Columbans are supporting the Young People’s Climate Network Relay to COP26 throughout the Season of Creation. We attended a service at Westminster Cathedral on 6th August. The Lady Chapel had the YCCN boat set up on the altar, bearing fabrics from climate threatened places – pointing to the hundreds of millions of people whose lives are threatened by sea level rise, cyclones, and other climate related disasters. We heard testimonies from three of the walkers and they called on the government to meet and exceed their own climate finance commitments, reinstate the original aid budget and to cancel the debts of poor countries. The pilgrims aim to raise awareness of COP26 and urged participants to spread the word “to look out for us and we would like as many people to join us as possible”.
Columbans will be walking with the group as it heads towards Birmingham, out and about in the countryside and appreciating the natural world that we so often take for granted.
Columbans support the Cafod LiveSimply programme where parishes and schools undertake to live more simply, more sustainably and in solidarity with poor communities. Ellen Teague has assessed one parish and two schools for the award over the past year. One was St. Thomas of Canterbury School in Gillingham, which has an impressive welcome board at the school entrance, featuring a tree and wildlife, demonstrating that care of God’s creation is a feature of the school. In fact, impressive wall displays around the school celebrate the green papal encyclical Laudato Si’, and a prayer garden has been created. To date, 99 Livesimply Awards have been earned across England and Wales, in 69 different parishes and 28 schools. The Livesimply Award has also been earned by Newman University in Birmingham and the Knights of Saint Columba Council, Southend-on-Sea. While Catholic parishes were often very committed to social justice, care for the environment had not been a focus of the average parish. The Livesimply award can help change that and the programme is being pushed with churches and schools during the Season of Creation.
On 4th October the Vatican Dicastery for Promoting Integral Human Development is launching its Laudato Si’ Action Platform. In the spirit of Pope Francis’ encyclical Laudato Si,’ this project includes seven sustainability goals to be achieved within seven years. They include adopting renewable energy and achieving carbon neutrality; defending all life; solidarity with indigenous peoples and vulnerable groups; adopting simpler lifestyles; fostering ecological education and spirituality; advocating for sustainable development; and following ethical investment guidelines, including divestment from fossil fuels and other industries that harm the planet. “There is hope,” Francis added. “We can all collaborate, each with their own culture and experience, each with their own initiatives and abilities, so that our mother Earth returns to its original beauty and creation again shines according to God’s plan.” even sectors of the church are asked to achieve those goals within a seven-year timeframe.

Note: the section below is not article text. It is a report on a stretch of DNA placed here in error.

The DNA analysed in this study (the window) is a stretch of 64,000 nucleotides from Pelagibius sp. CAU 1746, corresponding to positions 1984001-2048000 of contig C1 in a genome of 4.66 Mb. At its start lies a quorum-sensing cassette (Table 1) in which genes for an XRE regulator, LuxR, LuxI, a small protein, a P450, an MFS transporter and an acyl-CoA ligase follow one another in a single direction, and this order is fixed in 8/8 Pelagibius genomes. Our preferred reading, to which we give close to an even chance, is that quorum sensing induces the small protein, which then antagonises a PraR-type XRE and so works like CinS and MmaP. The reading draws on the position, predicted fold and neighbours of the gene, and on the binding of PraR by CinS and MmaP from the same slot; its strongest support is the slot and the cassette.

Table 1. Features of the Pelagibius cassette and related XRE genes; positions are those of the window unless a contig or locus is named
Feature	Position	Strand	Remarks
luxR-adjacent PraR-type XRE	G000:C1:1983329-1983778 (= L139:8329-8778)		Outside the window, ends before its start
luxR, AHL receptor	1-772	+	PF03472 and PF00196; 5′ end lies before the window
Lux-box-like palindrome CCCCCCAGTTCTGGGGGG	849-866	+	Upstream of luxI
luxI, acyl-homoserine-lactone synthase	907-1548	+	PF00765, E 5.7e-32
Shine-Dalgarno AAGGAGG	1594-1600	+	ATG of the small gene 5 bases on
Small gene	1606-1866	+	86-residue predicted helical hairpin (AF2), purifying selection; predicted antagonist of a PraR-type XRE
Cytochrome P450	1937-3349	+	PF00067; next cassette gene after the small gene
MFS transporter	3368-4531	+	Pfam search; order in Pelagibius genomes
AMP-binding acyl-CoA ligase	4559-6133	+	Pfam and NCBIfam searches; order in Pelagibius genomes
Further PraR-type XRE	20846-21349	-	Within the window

Climate Sunday services will be held during the Season of Creation, including one in Glasgow on 5th September. More than 1500 churches from the denominational spectrum in England, Scotland, Wales, and Ireland have already signed up.
“A Catholic Season of Creation” resource for the Sundays of Year B – September/October 2021- has been produced by Columban Charles Rue in Australia. It explores the Sunday scripture readings to help us find the voice of the earth as the voice of the Holy Spirit. Our common Sunday worship is an easy place to start seeing the natural world in God’s plan of Salvation in Jesus Christ by linking the insights of ecology with Scripture. Using this resource, Catholic communities can systematically answer Pope Francis’ call in Laudato Si’ to respect what scientists tell us about billions of year of cosmic evolution and contemplate God’s presence there. We can recognise that the earth is being abused; that poor people are the first to suffer and pray to be responsible carers for the multiple gifts of the earth as co-creators with God.